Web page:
Bobby Moakley

Being Deaf and trapped in the closet, I struggled with my identity.
Bobby Moakley headshot

Growing up, I struggled to define and accept who I was. Not only was I the only Deaf student in my school, but I was also trapped in the closet. Lying about who I was and suppressing my true self every day took a significant toll on my mental health.

It wasn’t until my junior year of high school that I started to see peers, teachers and older role models living happy lives as openly gay people. While this was good to see, it also made me feel more desperate about my own life. Eventually I realized I couldn’t handle the pressure any more. I knew I had to come out to my family and friends or I couldn’t continue to live. Too afraid to tell my parents in person, I wrote a letter for them to find while I was out of the house. I was sure they would disown me and kick me out of the family. Luckily, that didn’t happen and my parents embraced me with love and support. This was a major turning point for me.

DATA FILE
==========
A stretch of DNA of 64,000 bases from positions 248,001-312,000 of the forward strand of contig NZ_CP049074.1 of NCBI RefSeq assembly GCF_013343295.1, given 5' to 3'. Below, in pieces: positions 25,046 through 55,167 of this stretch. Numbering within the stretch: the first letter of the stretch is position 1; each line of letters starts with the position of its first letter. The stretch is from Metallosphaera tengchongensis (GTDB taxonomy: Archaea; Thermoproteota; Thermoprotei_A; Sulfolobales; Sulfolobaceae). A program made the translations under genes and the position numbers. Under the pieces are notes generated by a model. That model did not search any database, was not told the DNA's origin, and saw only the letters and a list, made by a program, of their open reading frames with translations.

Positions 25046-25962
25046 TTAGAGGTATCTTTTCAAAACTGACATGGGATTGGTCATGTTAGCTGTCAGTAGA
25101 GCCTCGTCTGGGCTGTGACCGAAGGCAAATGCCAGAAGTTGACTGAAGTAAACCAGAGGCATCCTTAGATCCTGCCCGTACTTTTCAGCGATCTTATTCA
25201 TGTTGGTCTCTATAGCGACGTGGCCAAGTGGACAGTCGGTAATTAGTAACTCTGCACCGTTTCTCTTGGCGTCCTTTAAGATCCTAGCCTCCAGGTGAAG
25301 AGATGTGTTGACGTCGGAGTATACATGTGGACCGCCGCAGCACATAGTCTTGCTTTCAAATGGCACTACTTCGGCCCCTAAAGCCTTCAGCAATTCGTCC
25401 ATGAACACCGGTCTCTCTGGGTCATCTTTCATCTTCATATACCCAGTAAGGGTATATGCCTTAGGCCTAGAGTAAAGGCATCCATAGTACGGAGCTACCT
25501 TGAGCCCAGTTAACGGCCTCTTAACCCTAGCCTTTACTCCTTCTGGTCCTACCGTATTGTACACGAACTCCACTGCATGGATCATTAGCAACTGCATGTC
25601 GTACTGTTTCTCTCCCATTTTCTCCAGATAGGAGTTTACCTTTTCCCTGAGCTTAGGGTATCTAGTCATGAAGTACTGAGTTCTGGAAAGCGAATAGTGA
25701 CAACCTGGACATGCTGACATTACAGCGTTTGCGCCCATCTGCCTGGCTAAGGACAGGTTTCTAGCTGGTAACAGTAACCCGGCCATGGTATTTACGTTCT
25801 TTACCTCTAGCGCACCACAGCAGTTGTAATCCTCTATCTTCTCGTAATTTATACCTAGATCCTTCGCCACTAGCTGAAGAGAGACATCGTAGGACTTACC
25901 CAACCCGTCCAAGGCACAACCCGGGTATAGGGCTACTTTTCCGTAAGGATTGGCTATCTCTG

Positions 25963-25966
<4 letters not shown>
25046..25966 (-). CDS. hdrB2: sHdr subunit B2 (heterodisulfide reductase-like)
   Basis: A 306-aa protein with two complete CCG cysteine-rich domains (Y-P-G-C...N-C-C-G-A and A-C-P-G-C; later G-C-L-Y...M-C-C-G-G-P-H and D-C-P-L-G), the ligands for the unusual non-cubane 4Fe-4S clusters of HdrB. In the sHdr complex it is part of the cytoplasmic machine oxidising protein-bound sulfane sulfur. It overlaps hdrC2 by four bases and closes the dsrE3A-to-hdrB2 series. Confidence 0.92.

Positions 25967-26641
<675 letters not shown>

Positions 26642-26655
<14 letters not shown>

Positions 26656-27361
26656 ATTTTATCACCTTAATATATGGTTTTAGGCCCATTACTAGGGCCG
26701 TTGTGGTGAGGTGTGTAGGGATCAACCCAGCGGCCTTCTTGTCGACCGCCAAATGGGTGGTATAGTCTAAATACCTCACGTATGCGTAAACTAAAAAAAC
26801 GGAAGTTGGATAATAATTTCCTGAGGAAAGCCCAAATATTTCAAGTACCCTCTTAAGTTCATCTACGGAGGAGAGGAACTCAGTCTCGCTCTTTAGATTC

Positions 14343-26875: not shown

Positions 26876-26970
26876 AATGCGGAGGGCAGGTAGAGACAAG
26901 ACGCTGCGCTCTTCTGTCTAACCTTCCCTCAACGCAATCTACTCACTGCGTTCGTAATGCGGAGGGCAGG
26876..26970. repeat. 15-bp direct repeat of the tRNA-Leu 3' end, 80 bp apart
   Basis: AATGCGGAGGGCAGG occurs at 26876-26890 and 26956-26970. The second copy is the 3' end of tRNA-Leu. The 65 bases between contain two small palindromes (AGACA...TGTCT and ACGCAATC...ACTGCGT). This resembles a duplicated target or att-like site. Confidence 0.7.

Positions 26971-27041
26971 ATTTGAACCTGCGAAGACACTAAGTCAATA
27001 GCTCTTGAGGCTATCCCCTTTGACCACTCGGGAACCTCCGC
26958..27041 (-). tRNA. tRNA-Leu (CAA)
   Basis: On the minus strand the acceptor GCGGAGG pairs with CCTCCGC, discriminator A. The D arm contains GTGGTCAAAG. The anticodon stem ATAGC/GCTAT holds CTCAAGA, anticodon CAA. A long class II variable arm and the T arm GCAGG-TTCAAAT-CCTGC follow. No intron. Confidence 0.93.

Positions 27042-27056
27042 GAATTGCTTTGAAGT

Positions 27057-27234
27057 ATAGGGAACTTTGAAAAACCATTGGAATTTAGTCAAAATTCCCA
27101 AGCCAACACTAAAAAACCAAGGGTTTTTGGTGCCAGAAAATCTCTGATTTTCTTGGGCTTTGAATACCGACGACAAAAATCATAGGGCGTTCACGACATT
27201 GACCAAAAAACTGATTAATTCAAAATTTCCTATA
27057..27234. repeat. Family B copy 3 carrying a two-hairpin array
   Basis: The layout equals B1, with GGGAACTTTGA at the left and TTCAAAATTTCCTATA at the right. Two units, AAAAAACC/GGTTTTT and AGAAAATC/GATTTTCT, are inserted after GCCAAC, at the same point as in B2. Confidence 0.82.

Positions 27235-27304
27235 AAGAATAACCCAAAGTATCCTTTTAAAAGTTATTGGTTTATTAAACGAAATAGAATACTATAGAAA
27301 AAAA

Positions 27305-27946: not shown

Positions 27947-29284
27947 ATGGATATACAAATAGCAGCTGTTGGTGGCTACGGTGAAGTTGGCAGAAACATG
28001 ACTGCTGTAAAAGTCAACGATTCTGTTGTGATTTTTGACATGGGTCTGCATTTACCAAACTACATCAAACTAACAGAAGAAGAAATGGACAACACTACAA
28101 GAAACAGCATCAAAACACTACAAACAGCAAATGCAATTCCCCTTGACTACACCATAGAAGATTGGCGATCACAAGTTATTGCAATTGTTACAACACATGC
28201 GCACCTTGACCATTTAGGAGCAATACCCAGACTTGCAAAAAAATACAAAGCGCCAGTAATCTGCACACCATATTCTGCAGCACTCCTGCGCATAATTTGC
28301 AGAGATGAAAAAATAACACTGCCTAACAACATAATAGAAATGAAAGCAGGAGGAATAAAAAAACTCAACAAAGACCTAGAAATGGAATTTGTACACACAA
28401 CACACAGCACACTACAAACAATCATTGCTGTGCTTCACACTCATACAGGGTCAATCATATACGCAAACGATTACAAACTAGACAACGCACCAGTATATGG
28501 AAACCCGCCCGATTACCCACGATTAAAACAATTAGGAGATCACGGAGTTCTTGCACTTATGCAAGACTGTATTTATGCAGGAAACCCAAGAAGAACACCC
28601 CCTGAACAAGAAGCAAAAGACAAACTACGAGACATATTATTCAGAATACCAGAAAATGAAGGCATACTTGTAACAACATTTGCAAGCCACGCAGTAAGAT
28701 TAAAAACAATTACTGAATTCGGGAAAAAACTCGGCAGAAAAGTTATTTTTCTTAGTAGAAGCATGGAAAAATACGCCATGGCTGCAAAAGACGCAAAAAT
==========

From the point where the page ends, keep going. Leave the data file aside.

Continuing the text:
Writing that letter was the scariest thing I ever did, but it was the first step in being able to love myself unconditionally - for my sexuality and my Deafness. At RIT I have found communities and support systems I never would have imagined existed. I have a new outlook on life. The journey has been difficult but I’m stronger today because of it.

Bobby Moakley

Graduate Resident Advisor